It's funny hearing people rant about narratives in sports journalism. It's funny because the story going into the night was the Blackhawks' struggles on the shootout (scoreless in six tries), the shootout drills held during practice, and what happens when the Hawks play against the Ducks the very next game? Boom. Shootout.
To be fair, it was something that felt almost predestined from the beginning. While you'd be hard-pressed to say the teams traded chances like the Avs and Hawks did last Saturday, and the Hawks did outshoot the Ducks at least initially, the ice tilted fairly evenly throughout the start of the game. It was scoreless after one period where the Blackhawks neither looked too dominant nor were dominated by the Ducks. Where the Hawks, however, could previously boast of not getting more than one penalty per game, they were able to amass two within one, the first a tripping penalty by Sean O'Donnell, and the other a slashing penalty in the waning seconds of the period by Dave Bolland. (Little did we know that would be the second story of the night for the Men of Four Feathers.)
Naturally, the Ducks' top line scored 59 seconds into the next period. Another penalty seemed like it might put the distance between the Ducks and the Hawks, but the kill survived, enough to give Kane and Hossa the chance to work their magic and even the game when Kane spun-o-rama'd a pass to Hossa, who was standing right by an open net ready to poke the puck in before Hiller even knew what was going on.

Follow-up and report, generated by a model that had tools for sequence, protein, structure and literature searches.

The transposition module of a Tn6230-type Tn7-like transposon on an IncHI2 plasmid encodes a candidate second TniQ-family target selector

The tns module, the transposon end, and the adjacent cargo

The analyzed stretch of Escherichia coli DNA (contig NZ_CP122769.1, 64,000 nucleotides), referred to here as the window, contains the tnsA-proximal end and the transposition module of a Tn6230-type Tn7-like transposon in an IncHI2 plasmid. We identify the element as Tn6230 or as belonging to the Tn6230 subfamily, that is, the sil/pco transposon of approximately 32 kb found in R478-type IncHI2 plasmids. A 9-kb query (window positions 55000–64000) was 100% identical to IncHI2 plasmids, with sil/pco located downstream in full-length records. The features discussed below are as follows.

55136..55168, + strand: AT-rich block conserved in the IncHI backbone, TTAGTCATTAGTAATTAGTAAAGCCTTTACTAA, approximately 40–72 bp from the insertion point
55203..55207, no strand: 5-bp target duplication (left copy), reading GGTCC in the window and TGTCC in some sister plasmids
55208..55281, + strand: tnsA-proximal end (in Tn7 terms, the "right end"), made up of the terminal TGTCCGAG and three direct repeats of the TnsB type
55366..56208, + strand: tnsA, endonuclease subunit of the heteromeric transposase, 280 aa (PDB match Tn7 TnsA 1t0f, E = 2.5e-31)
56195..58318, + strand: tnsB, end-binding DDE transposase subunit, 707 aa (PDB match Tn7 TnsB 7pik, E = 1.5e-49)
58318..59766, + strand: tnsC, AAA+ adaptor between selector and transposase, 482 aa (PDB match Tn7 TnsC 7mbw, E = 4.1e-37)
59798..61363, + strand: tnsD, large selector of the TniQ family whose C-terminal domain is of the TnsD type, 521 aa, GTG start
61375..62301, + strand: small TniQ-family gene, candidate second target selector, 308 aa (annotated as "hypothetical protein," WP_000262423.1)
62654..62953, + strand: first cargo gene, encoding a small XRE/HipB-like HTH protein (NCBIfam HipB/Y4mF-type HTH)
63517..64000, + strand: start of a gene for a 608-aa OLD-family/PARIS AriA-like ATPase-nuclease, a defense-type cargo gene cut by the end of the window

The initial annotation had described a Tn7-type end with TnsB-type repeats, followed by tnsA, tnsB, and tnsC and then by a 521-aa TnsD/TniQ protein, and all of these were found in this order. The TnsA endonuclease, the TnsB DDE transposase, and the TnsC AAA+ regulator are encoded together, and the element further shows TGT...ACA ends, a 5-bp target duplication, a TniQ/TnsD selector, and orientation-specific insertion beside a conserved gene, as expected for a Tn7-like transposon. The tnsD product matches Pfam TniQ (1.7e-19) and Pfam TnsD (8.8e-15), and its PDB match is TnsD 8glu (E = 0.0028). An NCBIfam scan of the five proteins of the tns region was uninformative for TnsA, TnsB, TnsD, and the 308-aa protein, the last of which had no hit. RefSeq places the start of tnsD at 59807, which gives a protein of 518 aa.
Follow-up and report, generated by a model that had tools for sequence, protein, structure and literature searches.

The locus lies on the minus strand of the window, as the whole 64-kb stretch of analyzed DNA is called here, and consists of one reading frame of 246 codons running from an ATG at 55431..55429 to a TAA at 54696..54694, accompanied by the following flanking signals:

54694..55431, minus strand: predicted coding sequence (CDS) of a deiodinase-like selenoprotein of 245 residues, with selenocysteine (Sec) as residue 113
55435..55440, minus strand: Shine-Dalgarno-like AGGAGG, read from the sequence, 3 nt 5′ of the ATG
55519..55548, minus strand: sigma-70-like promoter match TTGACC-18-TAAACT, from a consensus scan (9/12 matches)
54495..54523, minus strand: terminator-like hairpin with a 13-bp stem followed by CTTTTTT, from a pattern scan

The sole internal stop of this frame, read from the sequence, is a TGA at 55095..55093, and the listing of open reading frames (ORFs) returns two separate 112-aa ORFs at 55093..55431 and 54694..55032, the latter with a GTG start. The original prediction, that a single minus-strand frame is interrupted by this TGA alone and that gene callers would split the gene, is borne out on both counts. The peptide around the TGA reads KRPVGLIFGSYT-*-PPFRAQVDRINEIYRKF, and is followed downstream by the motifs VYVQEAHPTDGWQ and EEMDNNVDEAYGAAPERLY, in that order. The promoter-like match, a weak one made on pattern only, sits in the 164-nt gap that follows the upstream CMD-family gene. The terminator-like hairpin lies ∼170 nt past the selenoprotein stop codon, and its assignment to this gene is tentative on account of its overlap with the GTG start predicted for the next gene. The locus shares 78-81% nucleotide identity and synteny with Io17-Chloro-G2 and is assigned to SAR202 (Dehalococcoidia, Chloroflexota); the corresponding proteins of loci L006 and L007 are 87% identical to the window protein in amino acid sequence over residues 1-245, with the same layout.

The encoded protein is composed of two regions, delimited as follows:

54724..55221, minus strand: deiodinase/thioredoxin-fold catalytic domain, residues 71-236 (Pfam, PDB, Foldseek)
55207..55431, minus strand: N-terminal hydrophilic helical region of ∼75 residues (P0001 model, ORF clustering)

But a Hawks/Ducks game is not a Hawks/Ducks game without a Teemu Selanne goal, who picked Kaner's pocket and, alone in front of Crawford, put the Ducks up by a goal. The Hawks couldn't do much afterward, but the Ducks paid the Hawks back their late-period penalty with another one of their own. Sadly, the Blackhawks did not do as the Ducks did, and were unable to convert on the power play.
Patrick Sharp tied it up after a beauty of a pass by Patrick Kane (Guy's got a future in the league, doncha think? If only he weren't so damn lazy.) with Jonathan Toews screening Hiller. Noticing a bit of a pattern there? Yeah, me neither.
Kaner then went to the box, and then Hossa followed him a few minutes after. Nobody scored on any ensuing power plays, thank goodness, and the game went to overtime, where the best chances came for the Hawks. Unfortunately, the game was determined not to end in those five minutes, and to shoot-out it did go, where finally, Kane and Toews were both able to absolve themselves of their atrocious showings in shootouts past (all of two games--honestly, the nerve of these boys) and scored to win the toin coss.
One narrative down, fifty more to go.
Thoughts, short and sweet because I'm tired:
- One day, Frolik will score again. The man had two great chances and it was just him and Hiller. Alas, neither chance found him with a goal. He's still better than Jack Skille.
- I can probably just watch Dave Bolland check a referee on loop forever and ever.
- Patrick Kane giveth and taketh. But I'll take a minor penalty here and there for continued chemistry with Hossa and Sharp.
- It is probably the inefficiency with which we started the season on shootouts, but I'm happy to see Joel Quenneville experimenting with different players on the shootout, especially those whose names don't rhyme with Shatrick Parp.
Star of the Night:
Gunner Williams, that kid who won the shootout game. Maybe Q should've slotted him in between Tazer and Kane, amirite?